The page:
##     size thr.r2 grp.num thr.imp
## 1   5000   0.01       1       1
## 2  10000   0.01       1       1
## 3  20000   0.01       1       1
## 4  50000   0.01       1       1
## 5   1000   0.05       1       1
## 6   2000   0.05       1       1
## 7   4000   0.05       1       1
## 8  10000   0.05       1       1
## 9    500   0.10       1       1
## 10  1000   0.10       1       1
## 11  2000   0.10       1       1
## 12  5000   0.10       1       1
## 13   250   0.20       1       1
## 14   500   0.20       1       1
## 15  1000   0.20       1       1
## 16  2500   0.20       1       1
## 17   100   0.50       1       1
## 18   200   0.50       1       1
## 19   400   0.50       1       1
## 20  1000   0.50       1       1
## 21    62   0.80       1       1
## 22   125   0.80       1       1
## 23   250   0.80       1       1
## 24   625   0.80       1       1
## 25    52   0.95       1       1
## 26   105   0.95       1       1
## 27   210   0.95       1       1
## 28   526   0.95       1       1

Thresholding

Then, for each chromosome, for each set of variants resulting from clumping and for each p-value threshold, the function snp_grid_PRS() computes C+T scores.

multi_PRS <- snp_grid_PRS(G, all_keep, beta, lpval, ind.row = ind.train,
                          backingfile = "tmp-data/public-data-scores", 
                          n_thr_lpS = 50, ncores = NCORES)
dim(multi_PRS)  ## 4200 C+T scores for 400 individuals
## [1]  400 4200

Stacking C+T predictions

A penalized regression is finally used to learn an optimal linear combination of C+T scores.

final_mod <- snp_grid_stacking(multi_PRS, y[ind.train], ncores = NCORES, K = 4)
summary(final_mod$mod)
## # A tibble: 3 x 6
##    alpha validation_loss intercept beta          nb_var message  
##    <dbl>           <dbl>     <dbl> <list>         <int> <list>   
## 1 0.0001           0.552     -1.42 <dbl [4,060]>   3824 <chr [4]>
## 2 0.01             0.555     -1.71 <dbl [4,060]>   1009 <chr [4]>
## 3 1                0.563     -1.64 <dbl [4,060]>    183 <chr [4]>

For options for fitting penalized regressions, see this vignette.

From stacking C+T scores, we can derive a unique vector of weights and compare effects resulting from stacking to the initial regression coefficients provided as summary statistics.

library(ggplot2)
ggplot(data.frame(y = new_beta, x = beta)[ind, ]) +
  geom_abline(slope = 1, intercept = 0, color = "red") +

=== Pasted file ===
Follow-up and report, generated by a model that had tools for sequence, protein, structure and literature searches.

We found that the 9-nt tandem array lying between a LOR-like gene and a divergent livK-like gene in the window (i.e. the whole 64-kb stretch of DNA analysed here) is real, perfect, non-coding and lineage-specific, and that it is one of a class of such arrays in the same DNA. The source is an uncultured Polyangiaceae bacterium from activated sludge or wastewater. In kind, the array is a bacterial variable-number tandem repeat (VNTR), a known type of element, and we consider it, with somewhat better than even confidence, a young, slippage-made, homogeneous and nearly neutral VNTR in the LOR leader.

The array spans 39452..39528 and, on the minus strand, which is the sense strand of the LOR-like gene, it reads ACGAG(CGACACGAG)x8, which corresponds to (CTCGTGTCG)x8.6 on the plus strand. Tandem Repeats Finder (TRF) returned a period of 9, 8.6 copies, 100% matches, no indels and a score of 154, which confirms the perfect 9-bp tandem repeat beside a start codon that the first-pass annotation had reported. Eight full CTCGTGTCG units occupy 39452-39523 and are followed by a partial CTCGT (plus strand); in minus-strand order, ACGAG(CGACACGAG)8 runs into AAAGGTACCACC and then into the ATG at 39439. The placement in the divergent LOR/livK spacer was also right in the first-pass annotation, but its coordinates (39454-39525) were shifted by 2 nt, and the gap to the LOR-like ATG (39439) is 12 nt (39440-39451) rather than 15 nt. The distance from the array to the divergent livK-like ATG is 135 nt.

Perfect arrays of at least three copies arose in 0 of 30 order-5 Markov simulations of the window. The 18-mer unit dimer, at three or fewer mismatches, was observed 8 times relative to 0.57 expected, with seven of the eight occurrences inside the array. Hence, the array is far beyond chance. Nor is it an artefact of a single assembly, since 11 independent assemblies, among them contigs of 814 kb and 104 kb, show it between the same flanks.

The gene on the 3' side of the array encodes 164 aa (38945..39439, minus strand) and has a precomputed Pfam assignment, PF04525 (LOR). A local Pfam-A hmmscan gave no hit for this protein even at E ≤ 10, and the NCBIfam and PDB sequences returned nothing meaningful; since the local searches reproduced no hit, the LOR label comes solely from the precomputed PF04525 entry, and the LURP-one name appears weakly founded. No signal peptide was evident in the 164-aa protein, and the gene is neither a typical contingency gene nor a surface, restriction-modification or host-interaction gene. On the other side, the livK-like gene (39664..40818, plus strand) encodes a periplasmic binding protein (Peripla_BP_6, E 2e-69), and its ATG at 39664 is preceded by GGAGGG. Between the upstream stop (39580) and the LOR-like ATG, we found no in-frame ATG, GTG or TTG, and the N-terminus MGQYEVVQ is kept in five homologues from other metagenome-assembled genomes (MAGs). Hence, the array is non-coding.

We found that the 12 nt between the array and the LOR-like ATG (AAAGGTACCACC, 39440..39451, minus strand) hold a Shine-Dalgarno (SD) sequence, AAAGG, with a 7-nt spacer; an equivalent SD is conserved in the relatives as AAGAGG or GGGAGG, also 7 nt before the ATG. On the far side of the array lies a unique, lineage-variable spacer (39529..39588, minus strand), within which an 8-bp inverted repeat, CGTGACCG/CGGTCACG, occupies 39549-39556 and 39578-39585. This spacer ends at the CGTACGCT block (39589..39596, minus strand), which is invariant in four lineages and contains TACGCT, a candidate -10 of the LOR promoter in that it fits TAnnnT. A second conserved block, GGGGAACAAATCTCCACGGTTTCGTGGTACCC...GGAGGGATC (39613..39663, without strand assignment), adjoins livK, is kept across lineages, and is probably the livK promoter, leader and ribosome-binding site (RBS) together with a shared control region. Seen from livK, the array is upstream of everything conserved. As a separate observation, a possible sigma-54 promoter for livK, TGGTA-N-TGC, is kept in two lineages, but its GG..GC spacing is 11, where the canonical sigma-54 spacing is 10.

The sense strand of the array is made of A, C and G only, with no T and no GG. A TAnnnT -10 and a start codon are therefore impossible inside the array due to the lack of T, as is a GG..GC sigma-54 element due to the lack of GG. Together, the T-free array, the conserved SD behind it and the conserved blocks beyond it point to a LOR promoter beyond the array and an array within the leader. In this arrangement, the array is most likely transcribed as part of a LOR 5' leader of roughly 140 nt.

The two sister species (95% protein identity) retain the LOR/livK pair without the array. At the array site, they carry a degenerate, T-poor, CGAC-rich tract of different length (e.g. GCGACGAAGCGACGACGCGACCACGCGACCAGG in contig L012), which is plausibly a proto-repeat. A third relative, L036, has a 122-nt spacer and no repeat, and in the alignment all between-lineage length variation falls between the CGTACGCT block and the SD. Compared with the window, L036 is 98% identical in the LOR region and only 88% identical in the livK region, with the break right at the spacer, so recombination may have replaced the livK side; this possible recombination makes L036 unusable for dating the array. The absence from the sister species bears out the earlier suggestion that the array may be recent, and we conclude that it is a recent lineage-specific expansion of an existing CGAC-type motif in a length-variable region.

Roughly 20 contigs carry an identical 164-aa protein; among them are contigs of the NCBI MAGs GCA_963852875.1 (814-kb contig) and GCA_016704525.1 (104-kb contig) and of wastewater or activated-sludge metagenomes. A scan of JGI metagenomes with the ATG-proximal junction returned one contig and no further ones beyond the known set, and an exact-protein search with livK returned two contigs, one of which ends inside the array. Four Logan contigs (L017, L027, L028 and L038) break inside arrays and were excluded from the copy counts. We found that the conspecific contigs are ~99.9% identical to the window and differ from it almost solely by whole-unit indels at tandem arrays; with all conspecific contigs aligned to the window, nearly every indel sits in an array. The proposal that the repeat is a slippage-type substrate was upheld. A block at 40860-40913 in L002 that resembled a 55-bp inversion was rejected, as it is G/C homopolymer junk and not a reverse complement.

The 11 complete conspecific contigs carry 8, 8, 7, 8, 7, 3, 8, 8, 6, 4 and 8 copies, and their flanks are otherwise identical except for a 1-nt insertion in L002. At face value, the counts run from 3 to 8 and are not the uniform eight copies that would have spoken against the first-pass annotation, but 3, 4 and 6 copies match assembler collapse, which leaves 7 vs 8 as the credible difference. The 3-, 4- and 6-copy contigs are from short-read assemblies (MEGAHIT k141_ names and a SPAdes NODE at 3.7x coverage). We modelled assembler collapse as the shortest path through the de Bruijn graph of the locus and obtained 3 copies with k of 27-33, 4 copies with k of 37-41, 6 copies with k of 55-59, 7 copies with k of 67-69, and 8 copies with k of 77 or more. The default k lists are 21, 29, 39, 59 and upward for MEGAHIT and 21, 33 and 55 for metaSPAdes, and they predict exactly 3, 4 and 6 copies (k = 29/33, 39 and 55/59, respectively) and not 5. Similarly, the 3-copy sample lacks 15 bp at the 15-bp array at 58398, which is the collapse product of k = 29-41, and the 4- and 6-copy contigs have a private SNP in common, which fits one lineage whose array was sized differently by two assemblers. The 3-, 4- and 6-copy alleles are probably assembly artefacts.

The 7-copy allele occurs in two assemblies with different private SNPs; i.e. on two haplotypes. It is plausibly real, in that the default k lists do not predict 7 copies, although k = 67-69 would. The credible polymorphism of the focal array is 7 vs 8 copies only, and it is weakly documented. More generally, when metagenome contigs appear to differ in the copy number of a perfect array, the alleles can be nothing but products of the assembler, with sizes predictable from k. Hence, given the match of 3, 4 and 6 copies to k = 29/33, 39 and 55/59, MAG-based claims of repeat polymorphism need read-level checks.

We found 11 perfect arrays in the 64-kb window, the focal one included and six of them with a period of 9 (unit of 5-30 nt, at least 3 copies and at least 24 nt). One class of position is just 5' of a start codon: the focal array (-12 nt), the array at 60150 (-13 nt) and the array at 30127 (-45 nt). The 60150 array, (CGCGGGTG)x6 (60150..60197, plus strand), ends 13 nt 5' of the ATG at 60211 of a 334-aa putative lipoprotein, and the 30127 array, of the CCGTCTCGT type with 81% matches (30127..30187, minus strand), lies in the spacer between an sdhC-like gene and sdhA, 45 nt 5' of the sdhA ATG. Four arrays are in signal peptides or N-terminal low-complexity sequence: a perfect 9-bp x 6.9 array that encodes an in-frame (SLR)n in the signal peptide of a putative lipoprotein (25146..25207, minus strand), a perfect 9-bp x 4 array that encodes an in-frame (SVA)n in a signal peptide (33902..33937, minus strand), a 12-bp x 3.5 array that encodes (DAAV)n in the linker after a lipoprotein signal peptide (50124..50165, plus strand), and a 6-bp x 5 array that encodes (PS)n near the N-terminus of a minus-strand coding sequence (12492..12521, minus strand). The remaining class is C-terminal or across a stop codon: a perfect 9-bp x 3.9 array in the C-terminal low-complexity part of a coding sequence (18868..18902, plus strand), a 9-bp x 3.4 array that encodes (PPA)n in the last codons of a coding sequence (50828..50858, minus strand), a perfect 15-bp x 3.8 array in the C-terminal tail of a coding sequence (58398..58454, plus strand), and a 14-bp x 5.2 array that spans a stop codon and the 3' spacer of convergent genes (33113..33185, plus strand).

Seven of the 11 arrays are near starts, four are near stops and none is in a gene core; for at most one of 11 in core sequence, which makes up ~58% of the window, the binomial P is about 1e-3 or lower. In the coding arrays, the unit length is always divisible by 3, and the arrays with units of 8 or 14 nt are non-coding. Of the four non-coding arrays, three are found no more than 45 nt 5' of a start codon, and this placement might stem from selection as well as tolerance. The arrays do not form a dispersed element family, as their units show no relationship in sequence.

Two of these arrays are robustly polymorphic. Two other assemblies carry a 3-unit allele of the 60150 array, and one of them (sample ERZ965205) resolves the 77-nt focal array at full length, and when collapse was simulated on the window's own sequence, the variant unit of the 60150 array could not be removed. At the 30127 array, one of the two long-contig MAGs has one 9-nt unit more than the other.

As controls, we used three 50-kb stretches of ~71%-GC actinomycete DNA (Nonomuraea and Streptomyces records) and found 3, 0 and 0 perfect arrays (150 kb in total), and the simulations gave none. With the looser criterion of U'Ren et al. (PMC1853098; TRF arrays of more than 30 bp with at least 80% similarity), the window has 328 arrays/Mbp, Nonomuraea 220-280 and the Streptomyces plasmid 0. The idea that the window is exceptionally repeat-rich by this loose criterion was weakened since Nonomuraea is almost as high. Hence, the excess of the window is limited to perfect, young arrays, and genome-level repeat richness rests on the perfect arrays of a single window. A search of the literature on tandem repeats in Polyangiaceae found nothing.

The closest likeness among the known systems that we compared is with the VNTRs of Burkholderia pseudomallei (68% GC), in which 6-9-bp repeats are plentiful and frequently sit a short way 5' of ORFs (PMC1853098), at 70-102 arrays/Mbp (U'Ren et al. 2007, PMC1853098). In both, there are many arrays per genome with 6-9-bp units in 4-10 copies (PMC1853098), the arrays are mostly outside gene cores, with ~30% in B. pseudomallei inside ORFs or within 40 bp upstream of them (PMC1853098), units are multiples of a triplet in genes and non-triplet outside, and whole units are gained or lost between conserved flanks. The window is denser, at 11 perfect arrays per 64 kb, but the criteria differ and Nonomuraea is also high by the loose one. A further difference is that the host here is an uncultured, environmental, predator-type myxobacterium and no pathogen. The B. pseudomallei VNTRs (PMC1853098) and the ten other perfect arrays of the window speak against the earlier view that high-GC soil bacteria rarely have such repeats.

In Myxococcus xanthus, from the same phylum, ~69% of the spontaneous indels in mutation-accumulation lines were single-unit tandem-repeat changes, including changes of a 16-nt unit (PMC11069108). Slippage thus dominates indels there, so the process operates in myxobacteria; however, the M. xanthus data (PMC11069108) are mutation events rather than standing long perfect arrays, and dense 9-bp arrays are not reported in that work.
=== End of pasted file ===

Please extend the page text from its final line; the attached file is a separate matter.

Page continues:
geom_abline(slope = 0, intercept = 0, color = "blue") +
  geom_point(aes(x, y), size = 0.6) +
  theme_bigstatsr() +
  labs(x = "Effect sizes from GWAS", y = "Non-zero effect sizes from SCT")

We can use this vector of variant weights to compute polygenic risk scores on the test set and evaluate the Area Under the Curve (AUC).

##       Mean       2.5%      97.5%         Sd 
## 0.73575974 0.63844428 0.82393298 0.04769536
ggplot(data.frame(
  Phenotype = factor(y[ind.test], levels = 0:1, labels = c("Control", "Case")),
  Probability = 1 / (1 + exp(-pred)))) + 
  theme_bigstatsr() +
  geom_density(aes(Probability, fill = Phenotype), alpha = 0.3)

Best C+T predictions

Instead of stacking, an alternative is to choose the best C+T score based on the computed grid. This procedure is appealing when there are not enough individuals to learn the stacking weights.

library(tidyverse)
grid2 <- attr(all_keep, "grid") %>%
  mutate(thr.lp = list(attr(multi_PRS, "grid.lpS.thr")), num = row_number()) %>%
  unnest()
## Warning: `cols` is now required.
## Please use `cols = c(thr.lp)`
## # A tibble: 10 x 7
##     size thr.r2 grp.num thr.imp thr.lp   num   auc
##    <int>  <dbl>   <int>   <dbl>  <dbl> <int> <dbl>
##  1    52   0.95       1       1   4.19    25 0.667
##  2   105   0.95       1       1   4.19    26 0.667
##  3   210   0.95       1       1   4.19    27 0.667
##  4   526   0.95       1       1   4.19    28 0.667
##  5    62   0.8        1       1   4.19    21 0.654
##  6   125   0.8        1       1   4.19    22 0.654
##  7   250   0.8        1       1   4.19    23 0.654
##  8   625   0.8        1       1   4.19    24 0.654
##  9  5000   0.01       1       1   4.19     1 0.649
## 10 10000   0.01       1       1   4.19     2 0.649
ind.keep <- unlist(map(all_keep, max_prs$num))
sum(lpval[ind.keep] > max_prs$thr.lp)
## [1] 7
AUCBoot(
  snp_PRS(G, beta[ind.keep], ind.test = ind.test, ind.keep = ind.keep,
          lpS.keep = lpval[ind.keep], thr.list = max_prs$thr.lp),
  y[ind.test]
)
##       Mean       2.5%      97.5%         Sd 
## 0.68591323 0.59126435 0.77517307 0.04700111

For this example, the best C+T predictions provides an AUC of 63% whereas stacking, which should be preferred, provides an AUC of 68%.

Reference